Or don’t believe everything you read or hear, as my grandmother used to say.
We were selling car recovery equipment. We had become the major supplier in the UK and were now looking to extend our markets into Europe. At this moment, we were in France.
France is not an easy country to sell mechanical equipment into. The market is split into two. The Southerner largely do not come to Paris to buy and, conversely, the Northerners do not come South.
We had good competition in France too: Jige run by Jean Georges and the Fiaults, both Northern companies. In addition, we had Spanish company that made simple, effective but inexpensive equipment. To protect the guilty, let me call it Ramos; and it was run by Antonio. As by name, he could have doubled as a Spanish waiter; but he was a pleasant, amusing fellow about 35 years old. A lot of challenging, competitive comment would pass between us as we met at different shows. In the end, I’m afraid, he had the last laugh. A big laugh.
We were actively looking at a way to sell into Southern France when we heard this rumour. There was to be one of those marvellous French Foires or Fairs in Bordeaux: ‘Foire Internationale de Bordeaux, Bordeaux. Le plus grand rendez vous du Sud Ouest.’ It was to be held at the huge Parc des Expositions de Bordeaux Lac. What was more the Fiault brothers would be there. If they were there we must be on to a winner. Bordeaux (avec les vins) would be fun too. So we booked our stand, a cheap hotel, we loaded our demonstration vehicle and, at due date, we were off.
(A small aside here. We used to get our vehicles on loan from a large Ford dealer in the area. We got to know the Commercial Vehicle Sales Manager there very well. After some time he changed his job and subsequently we met up with him. We asked him what was the big difference in his new job. He said, I suspect half in truth, that for the first time he could now tell the truth when he met with customers!)
And so we arrived. La Foire was amazing, thousands of people, thousands of everything. There were meats from the Ardennes, fruits from the Drome, wine from the Var. And there stands representing the far flung colonies of French Africa: tie dyed fabrics from the Cote d’Ivoire, carvings from Senegal and so on. There was every type of face and there was every type and colour of clothing. There was laughing and singing. There was everything…..except. Except there wasn’t much in the way or vehicle recovery equipment there, only Fiault and Ramos.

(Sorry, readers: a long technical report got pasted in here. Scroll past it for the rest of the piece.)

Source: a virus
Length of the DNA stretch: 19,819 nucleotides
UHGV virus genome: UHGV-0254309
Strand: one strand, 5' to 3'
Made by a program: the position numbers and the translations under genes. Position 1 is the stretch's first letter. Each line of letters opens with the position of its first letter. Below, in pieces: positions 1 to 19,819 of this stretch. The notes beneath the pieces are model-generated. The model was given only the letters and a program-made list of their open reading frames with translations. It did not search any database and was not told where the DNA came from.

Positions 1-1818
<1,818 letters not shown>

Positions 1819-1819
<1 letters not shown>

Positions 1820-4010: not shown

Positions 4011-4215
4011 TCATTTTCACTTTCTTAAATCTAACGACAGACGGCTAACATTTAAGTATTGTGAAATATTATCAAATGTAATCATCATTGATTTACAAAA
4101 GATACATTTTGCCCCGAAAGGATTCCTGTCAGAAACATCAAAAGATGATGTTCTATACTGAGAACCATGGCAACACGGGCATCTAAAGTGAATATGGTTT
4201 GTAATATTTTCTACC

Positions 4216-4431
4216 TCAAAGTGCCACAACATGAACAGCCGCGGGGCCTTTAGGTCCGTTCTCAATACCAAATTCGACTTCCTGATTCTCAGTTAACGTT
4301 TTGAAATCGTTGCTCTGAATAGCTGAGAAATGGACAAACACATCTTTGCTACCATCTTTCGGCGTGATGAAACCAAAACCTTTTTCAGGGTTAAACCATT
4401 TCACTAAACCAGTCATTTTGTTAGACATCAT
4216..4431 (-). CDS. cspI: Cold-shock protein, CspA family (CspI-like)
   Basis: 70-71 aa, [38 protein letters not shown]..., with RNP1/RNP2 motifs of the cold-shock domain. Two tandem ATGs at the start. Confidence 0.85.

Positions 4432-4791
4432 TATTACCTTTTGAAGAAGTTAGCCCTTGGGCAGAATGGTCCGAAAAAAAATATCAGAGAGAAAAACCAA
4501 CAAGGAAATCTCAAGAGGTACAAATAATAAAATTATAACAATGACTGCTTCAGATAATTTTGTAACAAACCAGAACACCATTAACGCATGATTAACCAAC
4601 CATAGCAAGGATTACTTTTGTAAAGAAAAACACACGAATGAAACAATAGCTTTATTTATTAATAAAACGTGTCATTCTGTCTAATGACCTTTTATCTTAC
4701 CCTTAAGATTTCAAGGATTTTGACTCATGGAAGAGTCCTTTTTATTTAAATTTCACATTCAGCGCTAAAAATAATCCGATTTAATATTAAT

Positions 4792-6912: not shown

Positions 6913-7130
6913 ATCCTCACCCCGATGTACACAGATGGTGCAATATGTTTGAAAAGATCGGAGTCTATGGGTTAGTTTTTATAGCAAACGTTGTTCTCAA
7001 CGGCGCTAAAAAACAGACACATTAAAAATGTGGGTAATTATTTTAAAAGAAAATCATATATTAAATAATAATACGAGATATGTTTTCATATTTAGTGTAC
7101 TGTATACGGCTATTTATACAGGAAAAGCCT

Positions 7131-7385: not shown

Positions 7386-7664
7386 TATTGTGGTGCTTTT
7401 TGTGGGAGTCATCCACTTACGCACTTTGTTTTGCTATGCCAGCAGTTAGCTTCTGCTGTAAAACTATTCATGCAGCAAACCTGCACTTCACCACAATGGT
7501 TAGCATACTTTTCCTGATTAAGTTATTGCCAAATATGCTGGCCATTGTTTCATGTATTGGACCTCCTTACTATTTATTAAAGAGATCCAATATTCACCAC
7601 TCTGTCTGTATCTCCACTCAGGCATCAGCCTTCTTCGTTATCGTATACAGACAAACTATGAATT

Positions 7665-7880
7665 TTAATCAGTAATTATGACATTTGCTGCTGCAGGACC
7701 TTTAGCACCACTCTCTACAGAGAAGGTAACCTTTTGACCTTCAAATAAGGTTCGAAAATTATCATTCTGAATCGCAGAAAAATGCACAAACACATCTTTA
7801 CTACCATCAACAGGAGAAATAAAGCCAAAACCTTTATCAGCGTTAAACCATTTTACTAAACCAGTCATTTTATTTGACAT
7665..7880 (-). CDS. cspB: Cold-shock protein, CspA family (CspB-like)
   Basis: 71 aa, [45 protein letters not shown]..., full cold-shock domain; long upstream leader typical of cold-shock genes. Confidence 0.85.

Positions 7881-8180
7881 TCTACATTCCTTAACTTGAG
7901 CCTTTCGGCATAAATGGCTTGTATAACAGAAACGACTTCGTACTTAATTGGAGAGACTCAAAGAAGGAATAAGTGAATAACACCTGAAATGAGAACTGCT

We sat in Les Halles des Expositions for 10 days, for 10 whole days, intermittently though periods of long silence or while people sang and danced about us. Just about no-one was interested in car recovery equipment. Occasionally we spoke to the Fiaults, occasionally to Antonio. Once we had lunch with Antonio and a long term woman friend. That was about it. Otherwise we wandered about the stands: a baguette or two with dried ham from the Ardennes; I even bought a tie-dyed cotton wall hanging of Don Quixote de la Mancha on his trusted steed, Rocinante.
Nights in Bordeaux were not good for our health either. My work colleague, Tony, was like a ‘kid away from school’. Everything had to be tried. There was plenty of it. The show ended late so we ate late. Bordeaux wine tends to be expensive, so the cheaper end is the younger end; and the younger end, after a few long nights, starts eating holes in your stomach.
The 10 days came and went. We hadn’t gained a single lead for a future sale. We were lucky to sell the demonstration system cheaply off the stand at the end. And we were both thoroughly liverish and exhausted.
On the last day, I went to one of the Fiault brothers. Had they sold anything? NO. Why had they come here? Because Ramos and Antonio had come here.
So I went to see Antonio. Had he sold anything? No. Just about nothing. Well, why had he come here? He smiled. His answer went something like this. “You see, Philippe, I have a lover here in Bordeaux. I like her very much. The only way I can come and spend time with her for a few days is to come to this Foire. Then my wife is happy I am away.” It must have been the young woman he had introduced us too.
I don’t know what the sales message is that comes out of this experience and story. It was an expensive ‘liaison’ whichever way you look at it. Antonio was also closer to the order than we were..
My grandmother clearly knew a thing or two. I can now just about laugh about this ‘Bordeaux Episode’ in my life!